Event Risk

By: Michael Ashton | Tue, Jun 29, 2010
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Another 12.5/32nds gain for TNotes (2.96% yield on the on-the-run 10y note), and this rally is starting to become almost ordinary with the 6th gain of the last 7 sessions. Alas, the losses on stocks are starting to grow more ordinary as well: the S&P dropped 3.1%, and this time the surge in volume wasn't due to the Russell rebalancing. The 1.55bln shares was not a record-breaker, or as high as the volumes we saw in May...but neither was it the pedestrian total we were seeing in the first part of the year. With the exception of the March quadruple-witching, today's equity volume exceeded that printed for any day during the first quarter of the year.

There appeared to be a catalyst in the form of a Consumer Confidence figure that was released at 52.9, down sharply from last month's pre-revision 63.3 and about ten points below forecast. This is a surprise, with both "present situation" and "expectations" portions of the index dropping, but really all that it did was unwind last month's surprise jump (which, many observers noted, was concentrated in the "expectations" component). See the chart below - we're merely back in the recent range. The failure of forecasters here wasn't because the data was awful this month, but because it was improbably strong last month. So the fault is not in the stars, but in ourselves.

Not a reason in itself for -3%.

Or, more specifically, in themselves, meaning economists, since I never believed the economy was improving sharply last month!

The important part of the number, that is the employment questions, were essentially unchanged. This is not a horrible report, and while it may have served as the reason that commentators could point to, the locus of all fears, I think the real reason for both stocks' decline today and bonds' rally - both of which, after all, have been moving along nicely for several days prior to this data - is deeper than that.

Banks are due to repay to the ECB tomorrow the lusty sum of 442 billion euros, about $540billion at the current exchange rate, which was lent by the ECB last year as the crisis was ebbing. The ECB is offering a three-month facility at the same time that the 12-month loans roll off. Now, this seems like a simple transaction: borrow for 3 months to pay back the 1-year loan. The problem is that the 3-month loan carries a 1% interest rate, which is substantially above the currently-clearing interbank lending rate. Thus, institutional investors who are already nervous are worried that a high "roll" into the new facility implies that the interbank funding markets aren't really operating, or are closed to certain names. Estimates of the amount that may be rolled seem to be around 200bln to 300bln Euro although I have seen some higher guesses. The real question is the composition of the banks who are borrowing directly from the ECB - are certain banks being shut out, or borrowing this way so as not to be seen taking large quantities of deposits interbank? - but we are not likely to know important details there.

Now, the ECB is still lending almost a trillion Euro to various banks, so it isn't like a high take-up of the 3-month facility would be unprecedented. The issue is just that this quite-large loan maturity occurs when the system is already a bit stressed and investors a bit nervous. It is just event risk.

I suspect that the ECB will announce the results of the auction and that will be it, and after the market's initial reaction we won't be able to slice and dice the data any further and that particular issue will fade for another three months. But that isn't the only source of event risk, since ADP is being released and, lest we forget, both stocks and bonds made very messy technical breaks today. The speed of the return to the bottom of the stock range, and the decisiveness of the break to lower yields as well, suggests to me that these trends have significantly further to run. I am working hard to minimize my exposure to these event risks.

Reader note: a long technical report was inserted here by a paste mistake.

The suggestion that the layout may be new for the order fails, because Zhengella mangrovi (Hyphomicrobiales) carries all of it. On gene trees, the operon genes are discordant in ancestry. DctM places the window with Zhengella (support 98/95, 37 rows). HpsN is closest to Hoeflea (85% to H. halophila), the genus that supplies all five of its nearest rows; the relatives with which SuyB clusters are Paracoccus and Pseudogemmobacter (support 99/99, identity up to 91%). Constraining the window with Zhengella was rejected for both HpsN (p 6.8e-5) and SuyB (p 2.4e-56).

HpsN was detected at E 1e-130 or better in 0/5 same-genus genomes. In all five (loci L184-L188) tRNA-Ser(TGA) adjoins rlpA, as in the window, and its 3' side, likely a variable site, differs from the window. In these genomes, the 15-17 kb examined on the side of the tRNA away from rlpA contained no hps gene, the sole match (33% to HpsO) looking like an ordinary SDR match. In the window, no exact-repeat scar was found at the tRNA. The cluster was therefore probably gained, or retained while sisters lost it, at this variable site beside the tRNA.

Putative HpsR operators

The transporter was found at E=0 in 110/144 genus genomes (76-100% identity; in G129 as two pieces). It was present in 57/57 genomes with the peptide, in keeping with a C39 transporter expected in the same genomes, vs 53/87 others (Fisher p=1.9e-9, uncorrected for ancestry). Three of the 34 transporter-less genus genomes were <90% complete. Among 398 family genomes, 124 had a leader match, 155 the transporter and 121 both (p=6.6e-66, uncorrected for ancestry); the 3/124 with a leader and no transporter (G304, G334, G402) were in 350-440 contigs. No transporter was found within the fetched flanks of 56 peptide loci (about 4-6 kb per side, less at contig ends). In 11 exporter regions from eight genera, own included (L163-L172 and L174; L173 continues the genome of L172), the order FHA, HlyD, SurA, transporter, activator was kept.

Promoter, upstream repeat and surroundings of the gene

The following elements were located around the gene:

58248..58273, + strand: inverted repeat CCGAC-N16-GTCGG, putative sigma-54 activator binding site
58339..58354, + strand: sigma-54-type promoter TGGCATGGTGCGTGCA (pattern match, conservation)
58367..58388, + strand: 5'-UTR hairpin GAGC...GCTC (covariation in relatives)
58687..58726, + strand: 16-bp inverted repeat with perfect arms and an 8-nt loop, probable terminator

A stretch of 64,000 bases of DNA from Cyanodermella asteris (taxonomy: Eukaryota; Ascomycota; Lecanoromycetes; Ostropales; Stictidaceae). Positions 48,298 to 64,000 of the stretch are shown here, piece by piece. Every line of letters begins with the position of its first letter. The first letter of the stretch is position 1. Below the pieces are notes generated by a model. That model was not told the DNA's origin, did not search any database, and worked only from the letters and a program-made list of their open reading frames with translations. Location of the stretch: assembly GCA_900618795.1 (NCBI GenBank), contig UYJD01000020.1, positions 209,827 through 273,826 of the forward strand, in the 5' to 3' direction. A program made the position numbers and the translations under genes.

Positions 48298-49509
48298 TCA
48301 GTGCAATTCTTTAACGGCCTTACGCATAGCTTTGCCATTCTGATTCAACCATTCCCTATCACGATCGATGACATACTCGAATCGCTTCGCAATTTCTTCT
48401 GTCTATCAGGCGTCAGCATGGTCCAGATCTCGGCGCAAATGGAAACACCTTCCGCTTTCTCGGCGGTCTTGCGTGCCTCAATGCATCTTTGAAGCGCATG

Michael Ashton

Author: Michael Ashton

Michael Ashton, CFA

Michael Ashton

Michael Ashton is Managing Principal at Enduring Investments LLC, a specialty consulting and investment management boutique that offers focused inflation-market expertise. He may be contacted through that site. He is on Twitter at @inflation_guy

Prior to founding Enduring Investments, Mr. Ashton worked as a trader, strategist, and salesman during a 20-year Wall Street career that included tours of duty at Deutsche Bank, Bankers Trust, Barclays Capital, and J.P. Morgan.

Since 2003 he has played an integral role in developing the U.S. inflation derivatives markets and is widely viewed as a premier subject matter expert on inflation products and inflation trading. While at Barclays, he traded the first interbank U.S. CPI swaps. He was primarily responsible for the creation of the CPI Futures contract that the Chicago Mercantile Exchange listed in February 2004 and was the lead market maker for that contract. Mr. Ashton has written extensively about the use of inflation-indexed products for hedging real exposures, including papers and book chapters on "Inflation and Commodities," "The Real-Feel Inflation Rate," "Hedging Post-Retirement Medical Liabilities," and "Liability-Driven Investment For Individuals." He frequently speaks in front of professional and retail audiences, both large and small. He runs the Inflation-Indexed Investing Association.

For many years, Mr. Ashton has written frequent market commentary, sometimes for client distribution and more recently for wider public dissemination. Mr. Ashton received a Bachelor of Arts degree in Economics from Trinity University in 1990 and was awarded his CFA charter in 2001.

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